To do: Made Fair, art dedications and a “Fluxus happening” | Local news

Here’s a quick guide to some of the upcoming arts and culture events in Missoula.

Fluxus, ‘an art happening’

Enter the Fluxus spirit with an old-fashioned artistic happening in Missoula that brings together experimental art from all genres.

An overnight event called ‘Fluxus, an art happening’ brings together experimental music, dance and visuals at Furnace, a new venue across from Black Coffee Roasting Co.

The musical lineup includes electronic experiments by Cal Fish (New York) and Itchy Kisses (Philadelphia), loping beats by S_onya (Missoula) and freeform jams by Powerplant (Missoula), as well as a rare appearance by the Atrocity Singers (Bryan Ramirez from Missoula). Performances include dancing by TriciaVision (aka Tricia Opstad), collage art by Dusty Shriver, and Rainbow Gorilla Visuals.

It’s 7 p.m. at the Furnace Event Space at 500 E. Spruce St. Coverage is $ 10.

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Comedy at VFW

Derek Sheen, a comedian who has toured with Brian Posehn, Patton Oswalt and Janeane Garofalo, stops by VFW Post 209 for a set. If you know these last three names, you will probably appreciate his temperament.

In addition to Sheen, you can hear local artists Ferdinand Po and “Charlie of Doom”.

Doors open at 7:30 p.m. and the show starts at 8 p.m. It’s only 21 and over, $ 15 general or $ 20 at the door.

MCT’s “Charlie Brown” Musical

The Missoula Community Theater wraps up 2021 with a nostalgic Tony-winning musical based on Charles Schulz’s “Peanuts” cartoons. A cast of six (adult) actors will bring the story and tunes to life, under the direction of director Joe Martinez and musical director Arielle Nachtigal.

The show runs December 10-12 and 16-19 at the MCT Center for the Performing Arts. Tickets are $ 20 to $ 30, depending on seating level. Call 406-728-7529, visit, or at the box office. Masks are mandatory inside.

Holiday Fair at UM

The gigantic alternative arts and crafts market is back at the Adams Center at the University of Montana.

Over 200 local and regional artists and designers will have set up booths, featuring almost any type of handmade craft you can imagine – 2D and art, clothing, jewelry, furniture, carpentry, personal care items, and more again.

It operates from 11 a.m. to 6 p.m. Tickets available at the door. If you buy a $ 10 VIP pass, you can arrive an hour early and beat the crowds. Head toward to get one.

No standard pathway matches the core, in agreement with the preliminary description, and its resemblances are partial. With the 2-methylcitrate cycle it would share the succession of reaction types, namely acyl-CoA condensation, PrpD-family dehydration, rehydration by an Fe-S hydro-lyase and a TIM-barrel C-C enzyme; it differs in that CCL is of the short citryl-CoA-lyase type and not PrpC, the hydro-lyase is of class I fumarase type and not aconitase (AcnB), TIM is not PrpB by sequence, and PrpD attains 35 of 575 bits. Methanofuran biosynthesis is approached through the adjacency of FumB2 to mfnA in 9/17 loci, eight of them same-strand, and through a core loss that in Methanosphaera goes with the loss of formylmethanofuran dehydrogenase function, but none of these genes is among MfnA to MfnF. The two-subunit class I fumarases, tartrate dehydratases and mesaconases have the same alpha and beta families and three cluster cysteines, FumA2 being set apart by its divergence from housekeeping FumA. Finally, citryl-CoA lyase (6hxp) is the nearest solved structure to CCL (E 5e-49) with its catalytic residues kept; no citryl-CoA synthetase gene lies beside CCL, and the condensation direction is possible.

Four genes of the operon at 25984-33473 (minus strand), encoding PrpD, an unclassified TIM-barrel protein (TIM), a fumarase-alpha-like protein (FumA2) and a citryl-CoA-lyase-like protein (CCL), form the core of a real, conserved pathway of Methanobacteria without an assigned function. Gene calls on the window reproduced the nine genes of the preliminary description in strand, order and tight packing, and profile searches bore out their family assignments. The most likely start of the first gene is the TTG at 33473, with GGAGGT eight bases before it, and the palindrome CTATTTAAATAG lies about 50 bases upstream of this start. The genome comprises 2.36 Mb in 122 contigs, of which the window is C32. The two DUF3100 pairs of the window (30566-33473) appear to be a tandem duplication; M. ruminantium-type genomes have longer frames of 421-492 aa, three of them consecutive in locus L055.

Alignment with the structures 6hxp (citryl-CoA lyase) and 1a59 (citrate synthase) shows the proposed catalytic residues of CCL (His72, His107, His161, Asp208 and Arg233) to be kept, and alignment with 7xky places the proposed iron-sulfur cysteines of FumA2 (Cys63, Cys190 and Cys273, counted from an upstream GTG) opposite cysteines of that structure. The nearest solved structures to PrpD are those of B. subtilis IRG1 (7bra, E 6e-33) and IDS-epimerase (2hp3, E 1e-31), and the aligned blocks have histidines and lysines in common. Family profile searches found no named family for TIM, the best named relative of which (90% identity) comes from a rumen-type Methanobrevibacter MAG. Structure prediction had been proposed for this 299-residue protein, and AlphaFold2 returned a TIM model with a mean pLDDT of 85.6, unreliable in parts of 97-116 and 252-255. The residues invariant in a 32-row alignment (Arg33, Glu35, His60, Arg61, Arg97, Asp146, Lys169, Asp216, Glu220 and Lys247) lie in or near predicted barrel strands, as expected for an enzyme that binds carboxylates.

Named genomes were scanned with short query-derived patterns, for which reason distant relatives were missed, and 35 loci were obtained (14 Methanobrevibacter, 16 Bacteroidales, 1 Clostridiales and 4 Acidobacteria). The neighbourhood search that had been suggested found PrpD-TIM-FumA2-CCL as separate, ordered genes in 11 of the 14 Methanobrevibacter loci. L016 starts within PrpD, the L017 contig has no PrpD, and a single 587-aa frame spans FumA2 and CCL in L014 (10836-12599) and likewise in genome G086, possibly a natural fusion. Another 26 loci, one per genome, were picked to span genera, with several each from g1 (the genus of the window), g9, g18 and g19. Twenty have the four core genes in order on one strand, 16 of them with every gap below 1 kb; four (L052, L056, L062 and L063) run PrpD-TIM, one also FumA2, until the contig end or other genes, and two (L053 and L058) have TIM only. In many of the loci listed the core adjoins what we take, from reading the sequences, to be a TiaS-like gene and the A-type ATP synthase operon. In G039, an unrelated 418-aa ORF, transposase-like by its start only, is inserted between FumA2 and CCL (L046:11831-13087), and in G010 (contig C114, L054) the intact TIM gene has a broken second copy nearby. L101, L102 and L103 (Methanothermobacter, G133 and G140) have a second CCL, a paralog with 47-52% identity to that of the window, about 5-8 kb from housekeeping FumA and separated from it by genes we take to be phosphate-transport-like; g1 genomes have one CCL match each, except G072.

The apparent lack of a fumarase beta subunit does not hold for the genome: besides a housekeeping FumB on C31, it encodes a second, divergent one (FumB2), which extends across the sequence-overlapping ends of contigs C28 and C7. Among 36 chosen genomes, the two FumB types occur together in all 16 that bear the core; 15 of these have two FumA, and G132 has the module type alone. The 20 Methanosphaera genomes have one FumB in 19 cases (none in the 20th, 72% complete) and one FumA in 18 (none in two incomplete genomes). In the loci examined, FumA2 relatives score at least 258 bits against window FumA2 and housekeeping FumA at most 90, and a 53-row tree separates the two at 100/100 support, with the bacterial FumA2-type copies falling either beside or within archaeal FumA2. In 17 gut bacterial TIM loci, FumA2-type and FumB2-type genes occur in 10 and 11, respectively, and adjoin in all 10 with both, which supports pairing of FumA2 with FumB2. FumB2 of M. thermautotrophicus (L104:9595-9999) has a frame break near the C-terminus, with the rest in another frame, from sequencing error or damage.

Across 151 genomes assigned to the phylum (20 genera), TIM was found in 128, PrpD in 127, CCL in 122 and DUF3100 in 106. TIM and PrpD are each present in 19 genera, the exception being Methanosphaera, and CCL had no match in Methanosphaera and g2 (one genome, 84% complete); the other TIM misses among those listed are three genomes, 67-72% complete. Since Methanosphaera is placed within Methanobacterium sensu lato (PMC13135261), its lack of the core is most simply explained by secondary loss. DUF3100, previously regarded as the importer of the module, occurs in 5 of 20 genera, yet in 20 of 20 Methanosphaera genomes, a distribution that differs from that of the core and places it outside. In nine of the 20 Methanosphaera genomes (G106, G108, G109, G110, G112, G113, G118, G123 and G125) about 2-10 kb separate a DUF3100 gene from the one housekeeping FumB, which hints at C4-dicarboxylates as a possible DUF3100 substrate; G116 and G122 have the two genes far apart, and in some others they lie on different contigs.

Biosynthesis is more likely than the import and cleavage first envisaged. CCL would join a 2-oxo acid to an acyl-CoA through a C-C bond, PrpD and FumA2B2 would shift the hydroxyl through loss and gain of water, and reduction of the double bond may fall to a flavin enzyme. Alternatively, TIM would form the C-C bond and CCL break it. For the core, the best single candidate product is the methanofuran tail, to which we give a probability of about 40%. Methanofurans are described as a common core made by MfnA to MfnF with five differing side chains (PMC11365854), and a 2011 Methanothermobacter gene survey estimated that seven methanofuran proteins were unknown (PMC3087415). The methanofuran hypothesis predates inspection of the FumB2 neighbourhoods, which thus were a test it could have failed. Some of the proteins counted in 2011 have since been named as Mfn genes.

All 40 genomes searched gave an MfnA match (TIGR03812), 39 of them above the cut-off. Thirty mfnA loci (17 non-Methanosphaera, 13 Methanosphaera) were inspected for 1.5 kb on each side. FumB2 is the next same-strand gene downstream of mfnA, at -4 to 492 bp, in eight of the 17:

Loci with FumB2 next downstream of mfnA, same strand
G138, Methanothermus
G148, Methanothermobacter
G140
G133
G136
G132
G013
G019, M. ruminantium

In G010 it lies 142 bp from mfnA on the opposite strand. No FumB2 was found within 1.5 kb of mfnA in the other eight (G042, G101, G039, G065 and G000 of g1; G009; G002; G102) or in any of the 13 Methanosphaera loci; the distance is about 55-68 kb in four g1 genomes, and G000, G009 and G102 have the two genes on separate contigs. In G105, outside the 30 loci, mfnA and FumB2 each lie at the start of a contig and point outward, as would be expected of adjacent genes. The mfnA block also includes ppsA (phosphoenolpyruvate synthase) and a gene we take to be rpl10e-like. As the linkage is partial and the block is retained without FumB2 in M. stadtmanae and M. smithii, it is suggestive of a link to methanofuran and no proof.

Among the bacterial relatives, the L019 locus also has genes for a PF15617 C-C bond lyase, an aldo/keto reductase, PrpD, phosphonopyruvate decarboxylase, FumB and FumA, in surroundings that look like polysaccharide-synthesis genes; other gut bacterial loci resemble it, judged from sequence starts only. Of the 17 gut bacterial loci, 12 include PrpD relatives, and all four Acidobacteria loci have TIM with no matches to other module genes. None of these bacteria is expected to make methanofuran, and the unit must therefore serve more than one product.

During happy hour from 4 p.m. to 6 p.m. there will be discounts from certain artists. Donations for the Missoula food bank are also collected.

MCT “History Harvest Festival”

MCT Inc. is celebrating its 50th anniversary with a “History Harvest Party” to bring together keepsakes and keepsakes related to the Missoula Community Theater and the Missoula Children’s Theater.

The association’s archive project is looking for “current and long-forgotten photos, show programs, recordings, rehearsal photos, show T-shirts and other memorabilia,” according to a press release. of MCT.

The launch will take place on Monday, December 13 from 5 p.m. to 8 p.m. in the lobby of the MCT Center for the Performing Arts. (Masks are mandatory inside).

If people cannot come but have souvenirs to bring, they can do so any day by mailing them to 200 N. Adams St. or by stopping in the lobby. If people don’t want to donate, MCT can make a copy and get the original back.

To donate, contact Special Projects Administrator Greg Boris at [email protected] or call 406-829-5204.

Dedication of the MAM art book

Two Montana artists who have held major exhibitions at the Missoula Art Museum this year will be signing copies of catalogs that offer another deep dive into their work.

Anne Appleby’s exhibition “A Hymn to the Mother” ranges from “reductive” color paintings and black and white landscapes to photography, video and ceramic sculpture. The catalog includes essays by MAM’s senior curator Brandon Reintjes and national critic John Yau on the Jefferson City-based artist’s philosophy and career.

Jon Lodge’s “Fracture,” shown in the summer, featured large-scale paintings, works on paper that bordered on installation and sculpture, and video. The Billings-based artist explored ideas about abstraction, some of which were derived from his early career as a jazz musician.

They will be at MAM from 3 p.m. to 5 p.m., 335 N. Pattee St.

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Corina C. Butler